By Lionel Laurent / BLOOMBERG
AS THE numbers tumbling out of the Danske Bank A/S money-laundering scandal get bigger, the tempting question is: “How could anyone let this happen?” The answer is that quite a lot of people already do. And no, it’s not just bankers.
When criminals exploit the global financial system, they rely on existing flaws and chinks that take willpower and effort to fix.
Cross-border illicit money flows are helped by weak enforcement, politics, accountability and reporting standards.
There’s no such thing as a zero risk country for money laundering, according to the Basel Institute on Governance, a non-profit.
Which means it’s hard to swallow the idea that politicians are being caught unawares.
In Denmark’s case, gaps in its national oversight were broadly known. A 2017 assessment of the Scandinavian country by the Financial Action Task Force found that it lacked coordinated policies and resources to fight money laundering, a crime which was usually punishable by a prison sentence of 1.5 years at most — hardly dissuasive.
And beyond the banking sector, in areas like real estate or accounting, understanding and knowledge of compliance and financial sanctions was deemed poor.
This doesn’t just happen “over there” in Denmark — it happens everywhere. Danske’s US$234 billion (RM973.44 billion) money trail reportedly ran through the Baltics, where its Estonian branch seems to have had virtually free reign to process payments by non-residents, and the UK, where registered companies were used as vehicles. Those who think the US is a paragon of virtue should also recall that, 20 years ago, the Bank of New York was found to be at the heart of a multibillion-dollar Russian money-laundering scandal.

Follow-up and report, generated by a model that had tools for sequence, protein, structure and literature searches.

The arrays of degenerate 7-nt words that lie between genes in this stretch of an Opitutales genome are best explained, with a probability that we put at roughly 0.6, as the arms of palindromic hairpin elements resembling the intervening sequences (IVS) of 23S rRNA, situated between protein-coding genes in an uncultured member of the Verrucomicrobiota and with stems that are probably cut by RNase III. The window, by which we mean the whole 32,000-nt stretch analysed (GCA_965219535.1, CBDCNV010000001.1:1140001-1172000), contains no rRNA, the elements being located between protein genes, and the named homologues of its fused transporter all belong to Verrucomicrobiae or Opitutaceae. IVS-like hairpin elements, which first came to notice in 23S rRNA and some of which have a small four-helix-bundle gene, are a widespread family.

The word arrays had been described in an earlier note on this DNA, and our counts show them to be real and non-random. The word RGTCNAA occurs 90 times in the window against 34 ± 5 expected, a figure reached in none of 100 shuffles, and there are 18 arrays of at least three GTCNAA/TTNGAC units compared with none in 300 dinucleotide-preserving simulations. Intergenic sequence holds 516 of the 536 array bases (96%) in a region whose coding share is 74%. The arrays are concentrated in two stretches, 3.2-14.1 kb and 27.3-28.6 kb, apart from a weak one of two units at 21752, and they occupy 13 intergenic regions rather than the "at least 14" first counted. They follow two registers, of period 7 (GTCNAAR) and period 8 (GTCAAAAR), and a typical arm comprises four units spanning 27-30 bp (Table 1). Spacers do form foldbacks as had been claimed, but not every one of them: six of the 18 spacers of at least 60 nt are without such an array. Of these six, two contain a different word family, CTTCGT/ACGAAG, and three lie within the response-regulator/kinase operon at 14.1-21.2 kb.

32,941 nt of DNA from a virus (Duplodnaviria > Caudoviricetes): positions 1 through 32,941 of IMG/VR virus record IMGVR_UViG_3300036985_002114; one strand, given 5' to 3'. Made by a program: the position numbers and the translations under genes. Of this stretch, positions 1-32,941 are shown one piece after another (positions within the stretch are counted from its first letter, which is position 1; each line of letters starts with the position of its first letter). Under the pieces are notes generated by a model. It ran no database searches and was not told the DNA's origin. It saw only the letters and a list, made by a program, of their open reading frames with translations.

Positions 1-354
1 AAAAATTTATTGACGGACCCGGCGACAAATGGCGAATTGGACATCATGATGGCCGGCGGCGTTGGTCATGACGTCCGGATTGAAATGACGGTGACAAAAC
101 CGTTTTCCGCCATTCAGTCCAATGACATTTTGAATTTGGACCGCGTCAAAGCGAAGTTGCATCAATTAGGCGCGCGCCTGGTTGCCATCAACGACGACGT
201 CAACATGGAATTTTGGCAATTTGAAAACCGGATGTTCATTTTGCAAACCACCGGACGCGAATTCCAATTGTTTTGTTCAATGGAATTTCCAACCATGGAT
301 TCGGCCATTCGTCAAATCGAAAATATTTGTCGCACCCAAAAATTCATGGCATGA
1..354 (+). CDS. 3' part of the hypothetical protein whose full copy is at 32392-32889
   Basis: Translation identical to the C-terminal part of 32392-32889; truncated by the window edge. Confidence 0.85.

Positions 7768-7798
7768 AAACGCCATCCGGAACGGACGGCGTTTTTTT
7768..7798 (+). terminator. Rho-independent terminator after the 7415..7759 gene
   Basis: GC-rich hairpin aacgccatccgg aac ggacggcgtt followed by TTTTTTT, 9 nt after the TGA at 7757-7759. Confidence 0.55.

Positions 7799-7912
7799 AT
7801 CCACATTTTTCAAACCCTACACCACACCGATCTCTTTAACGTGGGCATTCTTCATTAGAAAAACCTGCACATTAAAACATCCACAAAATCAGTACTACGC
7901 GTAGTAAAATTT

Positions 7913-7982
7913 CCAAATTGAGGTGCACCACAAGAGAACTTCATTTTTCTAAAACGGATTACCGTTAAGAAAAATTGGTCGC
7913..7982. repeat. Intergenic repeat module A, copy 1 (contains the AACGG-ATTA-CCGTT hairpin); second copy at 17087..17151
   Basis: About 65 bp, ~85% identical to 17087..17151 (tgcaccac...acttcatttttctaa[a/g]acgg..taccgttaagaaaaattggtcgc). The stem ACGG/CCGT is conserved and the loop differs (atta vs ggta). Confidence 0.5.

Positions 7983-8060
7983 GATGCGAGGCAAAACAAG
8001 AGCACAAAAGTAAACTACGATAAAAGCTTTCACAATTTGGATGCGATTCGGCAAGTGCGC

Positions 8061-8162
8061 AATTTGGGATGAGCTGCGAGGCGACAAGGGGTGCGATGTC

Now, why would any country accept sub-par, or flawed, monitoring of financial crime? Surely, being tough on money laundering is an instant vote-winner? Well, not always. The City of London’s history is instructive in this regard.
Many policies that today are viewed as unacceptably attractive to dirty money — investor visas for the rich, offshore tax havens and light financial regulation — were for about 20 years part of government policy to attract investment.
It took the Brexit vote, and the subsequent March 2018 poisoning of former Russian spy Sergei Skripal on British soil, for public opinion to harden and for the House of Commons Foreign Affairs Committee to accuse officials of turning a blind eye to corruption. The cost to the public had become clear. This isn’t just a UK phenomenon.
It’s a global issue, and is explained in a 2005 University of Utrecht research paper dubbed the “Seychelles Strategy”, referencing the island state’s madcap mid-1990s proposal to offer immunity from prosecution to anyone who would make a US$10 million investment.
Looser regulations can win votes, because the initial impact is a boost to business or property investments.
Only once the after-effect of more crime is felt does tougher enforcement become a demand from the electorate down the line.
More details, more allegations, and the threat of more fines have kept pressuring Danske shares.
The Danske test is not whether governments and regulators express outrage and take action after years of free-wheeling, illicit financial activity.
The test is whether long after the dust has settled on Danske — and laws have been changed, fines paid out and international cooperation improved — money laundering stays as high on the agenda. Don’t count on everyone to pass.
This column does not necessarily reflect the opinion of the editorial board or Bloomberg LP and its